How Does It Sound?

“I remember being in a car on Neil’s ranch with him when CDs first came out, and he was lamenting how the sound was so damaged. He was pretty horrified by it, and I was kind of amazed. He really made me aware of the damage the fidelity had taken.
“I don’t have Neil’s ears to really get as bothered as he is by it,” Lofgren says, “but it is an extraordinary difference when you know what you’re doing and you get the sound right.”

This week’s obsession is the fantastic article The Pagan Mechanic Rides Again: Neil Young’s Adventures on the Hi-Res Frontier in Wired.

Stuff I learned, down various internet wormholes, which you all probably know already:

A CD holds about 600-700 MB of data. At the time the format was invented, that was 50X as much as a hard drive, so it seemed incredible. But music takes a lot of memory. The goal was to compress an album (say, 60 minutes of audio) onto that CD. That can be done if you sample at 44.1kHz (roughly twice the max frequency of adult human hearing) and limit the bit depth to 16 bits per sample. That gives a maximum dynamic range of 96dB between the quietest and loudest sounds – thought to be decent enough for the human ear.

A good way to start a fight among audiophiles is to suggest that we don’t need anything better than 44.1kHz/16bit. Many people insist that they can hear a difference; double blind studies do not necessarily bear this out. This blogging nerd set up a great test including the Goldberg Variations, to see if audiophiles could tell the difference between 24 bit and 16 bit. They pretty much couldn’t.

When mp3’s came along, they allowed us to compress musical data by a factor of ten. A 30 megabyte, three minute CD song becomes a 3 megabyte mp3 abomination. It sucks the life out of the music!
Neil Young says so!

His attempt at a hi-res audio player – Pono – is now wreckage in the compression and loudness wars won by lo-res streaming like Spotify. He wrote a book about it: To Feel The Music: A Songwriter’s Mission to Save High-Quality Audio.

But lo! Nowadays since we’ve all got bandwidth coming out our ears, with cloud storage and whatnot, audiophiles are excited about bigger, uncompressed audio files.

– wav: 10 MB per minute
– aiff: 10 MB per minute
– FLAC: 5 MB per minute
– DSD: 40 MB per minute

“DSD [Direct Stream Digital] has become the audiophile standard, higher than the 96-kHZ/24-bit FLAC-based audio of Tidal Hi-Fi, and even higher than the 192-kHZ/24-bit FLAC favored by Neil Young Archives.”

Listen to the inventor of DSD! You won’t understand a single word! Noise shaping and pulse-code modulation! That looks like a damn oscilloscope behind him so you know he doesn’t fuck around:

You can now obtain DSD files of a few of your favorite artists. And Amazon and Apple are getting into the hi – res game. To play hi-res files back, you’ll probably need at least a high quality DAC (digital audio recorder).
The company Qobuz has hi-res Replacements!
Itrax has other power pop like Mozart, Stravinsky, and Glenn Gould.

Mr. Young, in the meantime, has set up the cool steampunk, idiosyncratic, wonderful $1.99-per-month Neil Young Archives where you get what the artist intended. I’ve been enjoying my time there.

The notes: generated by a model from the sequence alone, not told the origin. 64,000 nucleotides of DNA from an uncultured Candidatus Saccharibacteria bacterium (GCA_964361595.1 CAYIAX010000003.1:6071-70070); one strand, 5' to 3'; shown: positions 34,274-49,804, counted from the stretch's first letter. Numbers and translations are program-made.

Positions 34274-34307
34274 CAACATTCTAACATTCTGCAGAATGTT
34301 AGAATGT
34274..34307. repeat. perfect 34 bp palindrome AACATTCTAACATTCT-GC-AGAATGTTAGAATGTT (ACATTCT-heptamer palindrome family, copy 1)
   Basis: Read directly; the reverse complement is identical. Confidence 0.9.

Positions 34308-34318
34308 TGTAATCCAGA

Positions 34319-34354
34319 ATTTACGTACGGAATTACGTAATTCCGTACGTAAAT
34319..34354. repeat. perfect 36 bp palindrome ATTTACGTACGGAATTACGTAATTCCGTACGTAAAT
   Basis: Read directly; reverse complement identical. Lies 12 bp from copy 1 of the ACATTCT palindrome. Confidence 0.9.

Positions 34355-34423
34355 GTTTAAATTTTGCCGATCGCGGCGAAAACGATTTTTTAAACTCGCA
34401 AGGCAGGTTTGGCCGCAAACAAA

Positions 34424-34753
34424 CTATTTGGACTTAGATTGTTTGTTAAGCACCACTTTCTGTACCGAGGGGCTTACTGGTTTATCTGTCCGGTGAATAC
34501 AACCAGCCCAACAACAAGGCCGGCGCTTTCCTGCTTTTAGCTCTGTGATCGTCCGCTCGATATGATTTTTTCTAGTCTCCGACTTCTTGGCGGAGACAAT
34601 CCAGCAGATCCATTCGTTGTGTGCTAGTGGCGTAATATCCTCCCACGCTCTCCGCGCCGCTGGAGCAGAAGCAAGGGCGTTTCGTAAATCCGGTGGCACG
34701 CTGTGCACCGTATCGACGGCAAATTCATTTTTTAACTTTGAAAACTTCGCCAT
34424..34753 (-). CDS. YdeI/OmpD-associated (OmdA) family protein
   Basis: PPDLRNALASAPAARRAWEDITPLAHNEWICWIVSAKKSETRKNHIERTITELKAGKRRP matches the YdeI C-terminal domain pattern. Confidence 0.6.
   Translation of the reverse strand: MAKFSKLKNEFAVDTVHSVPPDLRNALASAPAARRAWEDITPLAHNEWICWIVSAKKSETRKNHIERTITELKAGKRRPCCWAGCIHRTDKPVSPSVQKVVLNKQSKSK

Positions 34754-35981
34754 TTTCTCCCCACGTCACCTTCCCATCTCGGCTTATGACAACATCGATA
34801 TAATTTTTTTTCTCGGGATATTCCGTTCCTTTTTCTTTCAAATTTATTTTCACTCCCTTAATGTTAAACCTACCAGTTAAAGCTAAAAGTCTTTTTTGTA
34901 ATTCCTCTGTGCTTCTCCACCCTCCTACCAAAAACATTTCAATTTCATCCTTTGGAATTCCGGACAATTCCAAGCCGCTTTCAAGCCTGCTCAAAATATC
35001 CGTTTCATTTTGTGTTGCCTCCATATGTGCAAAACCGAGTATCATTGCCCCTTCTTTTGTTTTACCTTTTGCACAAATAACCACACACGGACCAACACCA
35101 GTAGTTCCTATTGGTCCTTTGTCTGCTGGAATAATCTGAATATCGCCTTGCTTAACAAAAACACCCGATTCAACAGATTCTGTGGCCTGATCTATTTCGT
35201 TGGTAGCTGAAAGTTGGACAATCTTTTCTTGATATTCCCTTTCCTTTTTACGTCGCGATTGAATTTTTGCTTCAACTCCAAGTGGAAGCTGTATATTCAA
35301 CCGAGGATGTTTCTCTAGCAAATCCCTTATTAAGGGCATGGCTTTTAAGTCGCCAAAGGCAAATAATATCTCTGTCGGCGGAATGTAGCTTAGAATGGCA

7 Replies to “How Does It Sound?”


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    Renfield says:

    As for Neil Young’s CD’s sounding bad, many early CD’s sounded bad because they were sloppily mastered in the rush to get product on the shelves. Many were just flat transfers of the analogue masters rather than remasters to suit digital playback. Many early digital recordings also sucked because it took a while for engineers to adjust to the new medium. Old habits die hard, and techniques that worked in analog resulted in dry, claustrophobic recordings where everything was in your face. These problems led to the belief that “digital sucks” and analog is by nature superior. Many great digital recordings have disproved that, but when it comes to audiophiles, you’re in the realm of superstition.

    It is also true that recordings on average have sounded progressively worse in the digital era, but that’s the result of the loudness wars, not any inferiority of digital media. If you’re consciously using all your bandwidth for volume, you will not have any depth.

    But I’m off the real topic: high rez audio vs. the CD standard of 44.1kHz/16bit. I don’t believe anyone can really hear the difference. No one has been able to prove it. All you have is a group of people rather angrily insisting that they can. I have no doubt that they truly believe that they can, but some of them also believe that using expensive power cords to their amplifers improves the sound of their stereos (the three feet of miracle wire somehow improving the signal that has passed through 200+ feet of standard Romex house wiring and many miles of non-audiophile power lines before that). Anyone who believes that can fool himself into believing anything. I think Randi issued a challenge on this that no one could take up, as he wouldn’t allow any takers to manipulate the rules in their favor.

    And then there are MP3’s. Once again, early problems in the medium set opinions. Early MP3’s had a standard bitrate of around 130 mbps. It sounded ok for background music, but not good enough if you were paying attention. So MP3′ suck, right? Not anymore. I can’t hear any diffrerence between higher bitrate MP3’s and CD’s. But I’m also over 60, so I’m not denying that someone in his teens or 20’s could. But a human being able to detect the difference between CD standard and high rez really strains credibility.

    Here’s a good article on this with links to other good articles. “Good article” of course means “fits my bias.”


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    Renfield says: